A way out of the gun madness

New York TimesJuly 26, 2012 

The national conversation about guns, since James E. Holmes shot 12 people to death and wounded 58 others at a movie theater in Aurora, Colo., has been a dialogue of the deaf. Unless gun-control advocates and gun-rights supporters stop screaming at each other and look for common ground on how to deal with gun violence, the next massacre is only a matter of time.

Liberals have to deprive the National Rifle Association of its core argument, that the real aim of all gun-control measures is to strip Americans of their right to have and use firearms.

Gun-control supporters must make clear that they accept that Americans have had this individual, common-law right since Jamestown and the Plymouth Colony, that this right was recognized in the Second Amendment to the Constitution in 1791 and that the Supreme Court affirmed its constitutionality in 2008.

Liberals should accept that the only realistic way to control gun violence is not by keeping guns out of the hands of as many Americans as possible, but by keeping guns out of the hands of people we all agree should not have them.

Gun owners and their advocates must, in turn, stop insisting that gun ownership is an absolute right. The Second Amendment is not a law unto itself. Before and after 1791, the right to keep and bear arms has been inseparable from civic responsibility – originally, the duty to answer a call to carry arms in defense of community or country as part of militia service. Today, with 30,000 firearms deaths a year, half of them suicides, the civic duty is to find ways for gun ownership and public safety to better coexist. Yet the N.R.A. continues to act as if gun owners have no responsibility to anyone but themselves and their families.

So far liberals and centrists have done more to adopt a reasonable position. The president of the Brady Campaign to Prevent Gun Violence has lately begun to emphasize that it accepts the Supreme Court’s ruling on the Second Amendment, which also upheld “longstanding prohibitions” on gun ownership by felons and the mentally ill, and on gun bans in schools and government buildings.

Meanwhile, the N.R.A. has frightened lawmakers into giving it credibility it does not deserve. Even after President Barack Obama tried to start a dialogue on gun violence last year, stating, “I believe that the Second Amendment guarantees an individual right to bear arms,” the N.R.A. flatly rebuffed his overture and urged its members to vote against Obama so that he couldn’t try to deprive them of gun rights through Supreme Court appointments in a second term.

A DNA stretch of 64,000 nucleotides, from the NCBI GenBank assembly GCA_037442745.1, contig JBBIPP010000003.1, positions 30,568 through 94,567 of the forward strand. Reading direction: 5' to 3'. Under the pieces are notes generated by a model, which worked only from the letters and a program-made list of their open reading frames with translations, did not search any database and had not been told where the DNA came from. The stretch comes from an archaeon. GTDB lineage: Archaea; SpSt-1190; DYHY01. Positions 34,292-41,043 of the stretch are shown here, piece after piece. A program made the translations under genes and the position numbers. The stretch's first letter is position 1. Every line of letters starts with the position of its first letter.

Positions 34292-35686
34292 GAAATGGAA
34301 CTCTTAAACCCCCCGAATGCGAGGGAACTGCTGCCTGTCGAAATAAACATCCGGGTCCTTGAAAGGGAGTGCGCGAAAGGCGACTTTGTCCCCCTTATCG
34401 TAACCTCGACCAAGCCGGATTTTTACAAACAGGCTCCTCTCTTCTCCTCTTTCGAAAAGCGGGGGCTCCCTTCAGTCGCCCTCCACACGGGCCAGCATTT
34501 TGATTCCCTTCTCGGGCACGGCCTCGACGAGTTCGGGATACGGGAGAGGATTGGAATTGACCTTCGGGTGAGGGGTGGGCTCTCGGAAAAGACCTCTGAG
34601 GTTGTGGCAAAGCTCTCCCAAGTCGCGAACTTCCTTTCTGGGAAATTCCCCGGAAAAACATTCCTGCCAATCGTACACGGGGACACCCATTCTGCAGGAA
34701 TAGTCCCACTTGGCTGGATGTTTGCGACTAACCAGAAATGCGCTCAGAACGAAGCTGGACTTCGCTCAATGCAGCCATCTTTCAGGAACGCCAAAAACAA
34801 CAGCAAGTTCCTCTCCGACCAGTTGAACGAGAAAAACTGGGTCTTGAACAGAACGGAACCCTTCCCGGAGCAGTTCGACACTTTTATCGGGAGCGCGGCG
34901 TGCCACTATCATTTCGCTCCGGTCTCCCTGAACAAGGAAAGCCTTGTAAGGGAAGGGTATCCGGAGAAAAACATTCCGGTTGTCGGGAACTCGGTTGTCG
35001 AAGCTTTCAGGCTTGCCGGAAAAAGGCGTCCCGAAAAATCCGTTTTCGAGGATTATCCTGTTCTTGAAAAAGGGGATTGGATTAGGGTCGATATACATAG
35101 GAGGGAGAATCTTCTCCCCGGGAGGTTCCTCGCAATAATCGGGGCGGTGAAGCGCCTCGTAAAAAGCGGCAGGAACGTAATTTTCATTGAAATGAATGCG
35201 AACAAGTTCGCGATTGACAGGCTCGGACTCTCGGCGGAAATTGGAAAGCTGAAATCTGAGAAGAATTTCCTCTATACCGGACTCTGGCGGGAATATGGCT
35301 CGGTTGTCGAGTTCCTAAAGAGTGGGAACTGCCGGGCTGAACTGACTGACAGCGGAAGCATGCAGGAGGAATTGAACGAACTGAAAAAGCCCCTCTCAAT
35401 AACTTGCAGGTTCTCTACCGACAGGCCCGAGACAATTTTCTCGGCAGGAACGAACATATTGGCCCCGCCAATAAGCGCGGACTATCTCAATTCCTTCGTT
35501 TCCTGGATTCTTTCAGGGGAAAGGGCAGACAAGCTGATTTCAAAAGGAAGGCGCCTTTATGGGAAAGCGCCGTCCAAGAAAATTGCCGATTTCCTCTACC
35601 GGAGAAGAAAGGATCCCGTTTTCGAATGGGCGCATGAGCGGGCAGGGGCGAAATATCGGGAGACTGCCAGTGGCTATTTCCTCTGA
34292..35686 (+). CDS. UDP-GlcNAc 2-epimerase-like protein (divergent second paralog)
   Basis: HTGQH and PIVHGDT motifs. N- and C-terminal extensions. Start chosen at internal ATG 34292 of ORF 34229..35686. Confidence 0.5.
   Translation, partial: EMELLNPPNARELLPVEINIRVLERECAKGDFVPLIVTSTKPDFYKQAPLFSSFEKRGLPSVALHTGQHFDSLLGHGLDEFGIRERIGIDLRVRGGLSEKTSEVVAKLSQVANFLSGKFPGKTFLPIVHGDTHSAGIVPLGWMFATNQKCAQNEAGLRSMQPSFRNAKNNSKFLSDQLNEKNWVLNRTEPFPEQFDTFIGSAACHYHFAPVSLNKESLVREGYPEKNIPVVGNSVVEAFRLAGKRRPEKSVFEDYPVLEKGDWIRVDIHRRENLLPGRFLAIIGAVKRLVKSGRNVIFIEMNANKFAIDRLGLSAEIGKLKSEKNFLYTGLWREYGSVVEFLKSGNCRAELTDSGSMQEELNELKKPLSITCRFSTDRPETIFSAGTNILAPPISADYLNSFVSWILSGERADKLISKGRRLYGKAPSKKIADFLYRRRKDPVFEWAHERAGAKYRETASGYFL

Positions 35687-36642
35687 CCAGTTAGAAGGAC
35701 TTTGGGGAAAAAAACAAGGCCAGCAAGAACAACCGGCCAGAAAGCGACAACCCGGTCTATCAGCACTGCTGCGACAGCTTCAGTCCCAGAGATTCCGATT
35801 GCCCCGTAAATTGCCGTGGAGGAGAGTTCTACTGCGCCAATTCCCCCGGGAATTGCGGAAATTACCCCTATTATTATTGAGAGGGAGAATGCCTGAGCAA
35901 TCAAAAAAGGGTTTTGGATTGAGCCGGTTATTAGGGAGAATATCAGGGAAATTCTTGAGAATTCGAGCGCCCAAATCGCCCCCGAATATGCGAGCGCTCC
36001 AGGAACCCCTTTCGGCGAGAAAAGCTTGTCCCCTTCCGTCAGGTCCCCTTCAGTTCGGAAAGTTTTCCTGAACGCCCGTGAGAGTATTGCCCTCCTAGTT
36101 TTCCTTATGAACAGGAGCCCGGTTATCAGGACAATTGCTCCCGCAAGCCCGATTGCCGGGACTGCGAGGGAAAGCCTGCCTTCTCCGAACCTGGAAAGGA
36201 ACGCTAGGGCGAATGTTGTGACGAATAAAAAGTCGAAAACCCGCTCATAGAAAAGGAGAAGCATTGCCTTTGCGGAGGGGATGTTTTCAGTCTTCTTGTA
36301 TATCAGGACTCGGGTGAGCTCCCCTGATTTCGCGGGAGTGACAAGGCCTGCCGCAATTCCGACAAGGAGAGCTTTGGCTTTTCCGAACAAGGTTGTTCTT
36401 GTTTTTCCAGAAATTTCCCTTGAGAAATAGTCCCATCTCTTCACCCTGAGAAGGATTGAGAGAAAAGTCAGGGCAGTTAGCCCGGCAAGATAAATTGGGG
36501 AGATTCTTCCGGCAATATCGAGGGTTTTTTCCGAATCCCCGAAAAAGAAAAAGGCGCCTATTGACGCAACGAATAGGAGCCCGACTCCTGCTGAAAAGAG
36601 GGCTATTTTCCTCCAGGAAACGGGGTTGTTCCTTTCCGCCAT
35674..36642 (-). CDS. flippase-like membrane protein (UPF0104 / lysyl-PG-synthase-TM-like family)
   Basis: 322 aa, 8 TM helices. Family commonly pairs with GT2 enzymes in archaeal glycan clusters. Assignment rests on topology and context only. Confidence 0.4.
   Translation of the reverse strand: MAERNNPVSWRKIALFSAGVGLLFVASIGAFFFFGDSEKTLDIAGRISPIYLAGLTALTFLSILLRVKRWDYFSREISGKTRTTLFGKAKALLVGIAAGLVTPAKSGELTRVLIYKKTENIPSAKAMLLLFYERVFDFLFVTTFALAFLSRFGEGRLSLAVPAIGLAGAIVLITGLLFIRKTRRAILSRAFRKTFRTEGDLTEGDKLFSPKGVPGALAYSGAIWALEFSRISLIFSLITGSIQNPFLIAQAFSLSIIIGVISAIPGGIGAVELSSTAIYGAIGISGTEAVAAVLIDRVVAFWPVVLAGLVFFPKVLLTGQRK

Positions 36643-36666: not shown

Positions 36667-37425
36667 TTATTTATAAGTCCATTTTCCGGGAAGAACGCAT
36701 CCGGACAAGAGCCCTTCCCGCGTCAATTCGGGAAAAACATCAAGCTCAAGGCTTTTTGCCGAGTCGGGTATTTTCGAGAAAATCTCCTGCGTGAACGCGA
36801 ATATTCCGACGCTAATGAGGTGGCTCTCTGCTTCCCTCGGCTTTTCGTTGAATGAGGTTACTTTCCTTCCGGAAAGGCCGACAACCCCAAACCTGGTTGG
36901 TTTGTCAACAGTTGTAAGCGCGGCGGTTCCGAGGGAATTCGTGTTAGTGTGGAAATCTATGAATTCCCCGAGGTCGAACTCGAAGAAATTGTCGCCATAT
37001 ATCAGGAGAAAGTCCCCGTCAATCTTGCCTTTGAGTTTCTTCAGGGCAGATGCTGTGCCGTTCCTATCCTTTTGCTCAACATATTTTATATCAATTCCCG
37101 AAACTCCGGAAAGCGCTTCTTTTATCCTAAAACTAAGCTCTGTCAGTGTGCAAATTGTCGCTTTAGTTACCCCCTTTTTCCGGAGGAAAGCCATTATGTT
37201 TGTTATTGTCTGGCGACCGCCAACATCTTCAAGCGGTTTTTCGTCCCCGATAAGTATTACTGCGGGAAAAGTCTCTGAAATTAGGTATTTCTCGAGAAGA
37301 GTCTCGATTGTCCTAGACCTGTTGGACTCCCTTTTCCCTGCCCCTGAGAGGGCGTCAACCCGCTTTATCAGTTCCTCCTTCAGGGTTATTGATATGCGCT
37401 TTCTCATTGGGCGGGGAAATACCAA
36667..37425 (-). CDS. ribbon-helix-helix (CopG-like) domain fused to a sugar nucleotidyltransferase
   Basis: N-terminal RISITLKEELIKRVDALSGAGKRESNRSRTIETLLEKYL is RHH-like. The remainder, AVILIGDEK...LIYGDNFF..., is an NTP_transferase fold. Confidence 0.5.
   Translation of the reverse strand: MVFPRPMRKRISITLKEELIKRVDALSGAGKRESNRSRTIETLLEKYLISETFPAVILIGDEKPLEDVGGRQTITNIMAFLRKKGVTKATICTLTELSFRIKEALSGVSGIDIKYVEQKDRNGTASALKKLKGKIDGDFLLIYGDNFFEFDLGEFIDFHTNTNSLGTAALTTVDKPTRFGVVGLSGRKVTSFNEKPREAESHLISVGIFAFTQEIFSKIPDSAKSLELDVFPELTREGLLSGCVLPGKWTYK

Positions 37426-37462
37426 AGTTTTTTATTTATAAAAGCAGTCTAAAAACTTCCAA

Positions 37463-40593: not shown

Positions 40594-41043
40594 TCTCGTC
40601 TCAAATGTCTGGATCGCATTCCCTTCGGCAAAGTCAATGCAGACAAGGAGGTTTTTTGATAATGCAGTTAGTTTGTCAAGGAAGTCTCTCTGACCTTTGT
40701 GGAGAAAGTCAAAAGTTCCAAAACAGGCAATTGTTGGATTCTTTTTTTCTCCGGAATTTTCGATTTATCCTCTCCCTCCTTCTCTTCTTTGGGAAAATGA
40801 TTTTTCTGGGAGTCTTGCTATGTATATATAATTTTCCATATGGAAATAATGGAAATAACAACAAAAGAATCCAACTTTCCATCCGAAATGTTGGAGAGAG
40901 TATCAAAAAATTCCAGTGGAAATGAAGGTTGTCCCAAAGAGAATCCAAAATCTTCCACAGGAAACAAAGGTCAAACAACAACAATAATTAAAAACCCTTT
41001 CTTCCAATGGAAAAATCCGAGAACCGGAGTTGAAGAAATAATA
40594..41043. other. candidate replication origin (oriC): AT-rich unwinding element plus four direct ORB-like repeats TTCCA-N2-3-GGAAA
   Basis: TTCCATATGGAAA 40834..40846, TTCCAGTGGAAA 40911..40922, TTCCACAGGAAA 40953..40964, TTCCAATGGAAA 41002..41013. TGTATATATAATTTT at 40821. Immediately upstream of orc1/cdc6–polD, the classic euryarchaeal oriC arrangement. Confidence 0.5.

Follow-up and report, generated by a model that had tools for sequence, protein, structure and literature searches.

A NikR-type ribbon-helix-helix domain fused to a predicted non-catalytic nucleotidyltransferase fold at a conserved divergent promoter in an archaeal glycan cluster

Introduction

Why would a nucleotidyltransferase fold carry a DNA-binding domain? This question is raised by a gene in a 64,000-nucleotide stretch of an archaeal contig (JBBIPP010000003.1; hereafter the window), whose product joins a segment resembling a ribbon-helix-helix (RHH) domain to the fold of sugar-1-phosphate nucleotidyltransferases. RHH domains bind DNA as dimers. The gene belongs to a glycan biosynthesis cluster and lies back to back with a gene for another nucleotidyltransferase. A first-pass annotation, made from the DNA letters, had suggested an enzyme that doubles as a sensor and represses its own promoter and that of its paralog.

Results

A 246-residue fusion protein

What kinds of measures might have helped prevent the Aurora massacre? Some have no connection with gun control: mental-health outreach and screening might have detected that a doctoral student in neuroscience was headed into a dark corner of the mind. That might have resulted in his failing the background checks he passed when he bought his guns.

Another possibility: restrictions on the purchase of large volumes of ammunition. Who, besides a soldier in battle or a policeman in a siege, needs 6,300 rounds, or a 100-round “drum” magazine like the one in Holmes’ AR-15 – a modified semiautomatic version of the military full-automatic M-16 – that allowed it to fire as fast as his finger could squeeze the trigger?

Shooting sports are important recreation for many Americans, so an outright ban on bulk ammunition purchases or on “assault” weapons like the AR-15 would be a nonstarter. That was the constitutional flaw the Supreme Court found in 2008, when it overturned the District of Columbia’s ban on handguns for self-defense at home. The 1994 ban on purchases of new assault rifles and extended magazines, which was allowed to lapse in 2004, was similarly overbroad.

New York City, where I live, has some of the nation’s toughest gun laws. I probably couldn’t get a permit to carry a handgun on the street even if I thought I had a clear justification. Only 37,000 New Yorkers have them. But keeping me and as many other law-abiding citizens as possible from having guns does little to prevent criminals or misguided youths from illegally buying them elsewhere, or having confederates buy or steal them.

Gun-control supporters need higher-precision instruments than the federal assault-weapons ban in their arsenal if they want legislators to discuss and debate their proposals instead of dismissing them. A law requiring membership in a shooting range or a gun club for bulk purchases of ammunition or extended magazines would be a reasonable start.

Vigorous enforcement of existing federal laws that criminalize buying guns, under a false pretext, for somebody else who can’t pass the federal background check – a favorite ruse of criminals – would be a good next step. Here we should take the NRA at its word: It keeps saying that laws on the books should be enforced.

Maybe someday we could even require people who buy guns from private owners, online or at gun shows to pass that same federal background check. We’ll never know, though, until we begin seriously talking to each other about our gun-violence problem.

The New York Times

Craig R. Whitney, a former reporter, foreign correspondent and editor at The New York Times, is the author of the upcoming book “Living with Guns: A Liberal’s Case for the Second Amendment.”

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